wheel bearings (19-42).
(ieneral Lubrication. - Every 300
miles use squirt can to apply Zerolene
No. 3 to all joints and small working
parts not otherwise provided with lub
rication, such as starter gear shift rod
i (11), brake pedal (34), brake rod clevis
I pins (14-17-37-40), and all brake con-
nections. t are should bo take:: that
all oil holes and passages are fn a from
'dirt so that clean oil may reach the
surfaces to te lubricated.
Schedule of Lubrication :
Daily, or every 100 miles: Engine,
spring bolts; steering knuckle bolts;
steering gear drag link ; cross steering
rod pins; clutch thrust washer.
Every 2X) miles : Fan bearing ; wa
ter pump shaft : steering gear.
Every 300 miles : Starter gear shift
ing shaft: clutch throwout yoke. tr;ii s-
mission control ; pedal shaft : rear axle
pinion bearing: rear wheel bearings.
Every miles: Transmission: rear
axle housing ; clutch : electric genera
tor and starting motor : steering gear
housing: universal joints; springs.
Every 750 miles: Drain, tlu-h ..
refill engine crankcase.
Every 2,000 miles: Transmission;
rear axle housings ; wheel bearings.
Lost Lake Has 247 Acres
To settle an argument among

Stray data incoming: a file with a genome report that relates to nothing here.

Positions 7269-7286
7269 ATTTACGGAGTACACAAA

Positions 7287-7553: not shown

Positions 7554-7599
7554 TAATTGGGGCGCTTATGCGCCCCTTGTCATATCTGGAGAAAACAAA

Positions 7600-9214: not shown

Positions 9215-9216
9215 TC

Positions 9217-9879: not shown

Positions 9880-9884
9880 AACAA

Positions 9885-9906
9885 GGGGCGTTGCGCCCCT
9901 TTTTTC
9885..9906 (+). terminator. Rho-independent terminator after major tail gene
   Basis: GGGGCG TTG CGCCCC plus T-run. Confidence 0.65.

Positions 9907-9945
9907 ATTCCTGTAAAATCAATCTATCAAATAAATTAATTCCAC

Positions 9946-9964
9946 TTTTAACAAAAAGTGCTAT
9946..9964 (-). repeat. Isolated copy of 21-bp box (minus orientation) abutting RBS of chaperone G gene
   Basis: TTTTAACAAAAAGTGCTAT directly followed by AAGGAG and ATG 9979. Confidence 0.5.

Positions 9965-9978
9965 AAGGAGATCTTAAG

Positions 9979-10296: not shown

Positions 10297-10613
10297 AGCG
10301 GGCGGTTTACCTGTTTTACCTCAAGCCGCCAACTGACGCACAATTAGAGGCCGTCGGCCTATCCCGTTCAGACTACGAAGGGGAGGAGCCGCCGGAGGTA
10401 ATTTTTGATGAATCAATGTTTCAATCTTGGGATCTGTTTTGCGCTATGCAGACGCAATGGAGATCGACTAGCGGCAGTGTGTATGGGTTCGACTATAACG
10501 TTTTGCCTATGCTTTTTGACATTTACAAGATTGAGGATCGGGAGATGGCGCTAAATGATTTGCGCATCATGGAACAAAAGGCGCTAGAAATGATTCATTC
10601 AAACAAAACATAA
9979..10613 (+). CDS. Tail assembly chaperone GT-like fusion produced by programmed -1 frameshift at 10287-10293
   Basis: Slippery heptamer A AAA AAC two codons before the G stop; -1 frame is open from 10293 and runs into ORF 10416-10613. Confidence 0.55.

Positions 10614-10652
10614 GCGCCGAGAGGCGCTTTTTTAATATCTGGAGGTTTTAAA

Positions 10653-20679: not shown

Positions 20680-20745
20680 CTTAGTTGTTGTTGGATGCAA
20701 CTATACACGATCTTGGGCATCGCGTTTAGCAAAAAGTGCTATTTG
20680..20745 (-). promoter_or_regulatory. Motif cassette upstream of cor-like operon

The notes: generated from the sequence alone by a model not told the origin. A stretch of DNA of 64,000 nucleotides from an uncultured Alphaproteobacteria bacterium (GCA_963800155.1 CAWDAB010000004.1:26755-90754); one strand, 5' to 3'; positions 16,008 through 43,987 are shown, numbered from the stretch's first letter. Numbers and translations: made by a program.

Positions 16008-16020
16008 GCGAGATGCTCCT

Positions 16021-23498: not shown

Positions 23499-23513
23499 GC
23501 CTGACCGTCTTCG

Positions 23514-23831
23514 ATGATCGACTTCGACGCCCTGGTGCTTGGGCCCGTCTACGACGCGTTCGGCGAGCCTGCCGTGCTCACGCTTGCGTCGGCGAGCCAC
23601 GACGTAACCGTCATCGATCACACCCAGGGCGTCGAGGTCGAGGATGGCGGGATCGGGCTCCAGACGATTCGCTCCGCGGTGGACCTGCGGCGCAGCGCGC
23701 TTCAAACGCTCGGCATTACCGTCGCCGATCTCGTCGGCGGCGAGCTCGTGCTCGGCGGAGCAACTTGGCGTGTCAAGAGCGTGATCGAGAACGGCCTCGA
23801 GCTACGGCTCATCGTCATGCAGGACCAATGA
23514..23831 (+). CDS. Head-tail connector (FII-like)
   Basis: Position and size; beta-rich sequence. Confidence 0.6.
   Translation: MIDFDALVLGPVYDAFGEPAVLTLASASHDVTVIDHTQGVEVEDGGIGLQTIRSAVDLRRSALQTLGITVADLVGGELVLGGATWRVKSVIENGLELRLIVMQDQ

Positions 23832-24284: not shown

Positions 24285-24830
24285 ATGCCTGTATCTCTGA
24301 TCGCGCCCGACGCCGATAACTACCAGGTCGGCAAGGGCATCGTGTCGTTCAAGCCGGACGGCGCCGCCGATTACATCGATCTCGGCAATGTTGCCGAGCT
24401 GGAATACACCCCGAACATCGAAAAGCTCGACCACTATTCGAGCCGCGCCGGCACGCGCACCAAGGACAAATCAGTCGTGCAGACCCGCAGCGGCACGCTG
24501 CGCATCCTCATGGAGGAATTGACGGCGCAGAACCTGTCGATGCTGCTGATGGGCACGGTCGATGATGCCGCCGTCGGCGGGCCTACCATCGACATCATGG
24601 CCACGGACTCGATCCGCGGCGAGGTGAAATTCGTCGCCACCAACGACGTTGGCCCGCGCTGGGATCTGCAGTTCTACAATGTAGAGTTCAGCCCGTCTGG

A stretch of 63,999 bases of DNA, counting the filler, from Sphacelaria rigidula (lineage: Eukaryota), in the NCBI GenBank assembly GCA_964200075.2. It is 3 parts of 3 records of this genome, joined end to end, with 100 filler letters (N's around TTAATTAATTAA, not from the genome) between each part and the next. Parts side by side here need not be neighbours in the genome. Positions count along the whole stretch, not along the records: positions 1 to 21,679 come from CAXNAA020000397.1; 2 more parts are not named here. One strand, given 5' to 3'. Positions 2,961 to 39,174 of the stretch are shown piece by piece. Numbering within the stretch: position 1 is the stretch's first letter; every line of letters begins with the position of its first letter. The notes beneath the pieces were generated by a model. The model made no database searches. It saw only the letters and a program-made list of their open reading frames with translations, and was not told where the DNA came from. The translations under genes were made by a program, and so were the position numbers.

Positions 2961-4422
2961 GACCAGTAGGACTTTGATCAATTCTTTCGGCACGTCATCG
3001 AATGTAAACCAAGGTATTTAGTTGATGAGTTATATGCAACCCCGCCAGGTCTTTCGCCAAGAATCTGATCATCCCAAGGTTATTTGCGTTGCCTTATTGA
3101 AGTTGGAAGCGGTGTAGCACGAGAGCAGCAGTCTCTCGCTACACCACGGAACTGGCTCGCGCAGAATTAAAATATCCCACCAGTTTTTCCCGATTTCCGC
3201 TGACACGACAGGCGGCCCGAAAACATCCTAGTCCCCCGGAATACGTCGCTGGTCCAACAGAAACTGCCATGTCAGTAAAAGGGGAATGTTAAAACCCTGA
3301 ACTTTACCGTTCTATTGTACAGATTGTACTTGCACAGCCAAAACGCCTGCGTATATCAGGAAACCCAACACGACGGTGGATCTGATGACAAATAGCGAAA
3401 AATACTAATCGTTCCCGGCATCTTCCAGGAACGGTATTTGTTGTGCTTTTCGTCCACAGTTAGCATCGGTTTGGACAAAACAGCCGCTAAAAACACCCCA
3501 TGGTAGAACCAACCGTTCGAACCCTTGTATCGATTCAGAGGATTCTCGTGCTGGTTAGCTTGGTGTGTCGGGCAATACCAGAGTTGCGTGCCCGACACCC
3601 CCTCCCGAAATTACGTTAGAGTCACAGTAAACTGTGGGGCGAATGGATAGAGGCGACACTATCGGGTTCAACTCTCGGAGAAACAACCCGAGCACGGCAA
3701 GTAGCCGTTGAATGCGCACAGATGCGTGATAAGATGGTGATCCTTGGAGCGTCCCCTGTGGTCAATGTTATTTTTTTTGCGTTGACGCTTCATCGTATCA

citizens who reeenty visited Lost I
W. A. Lang i lie wrote to for
authorities, who announce that
I ake covers an are of onlv .47
Estimates of the visitors ranged from
M to v
To the people of Hood River County :
Once a year the County Superintendent
of Schools is required to make a report
to the State Department of Education
in which detailed data is given on the
schools of the county. Since the pub
lie Bchools COSt mure than any other
public activity e- t war, and since
the work of trie takot Is is so vital to
local and'ijational life some of the data
I contained in this report should be of
lively interest to the people.
For all purposes from all sources the
county school system during the last
year raised $2(19,598.84. Of this
amount $23:1,671.73 has been spent
builded into intelligence and character
in young life, we believe. There is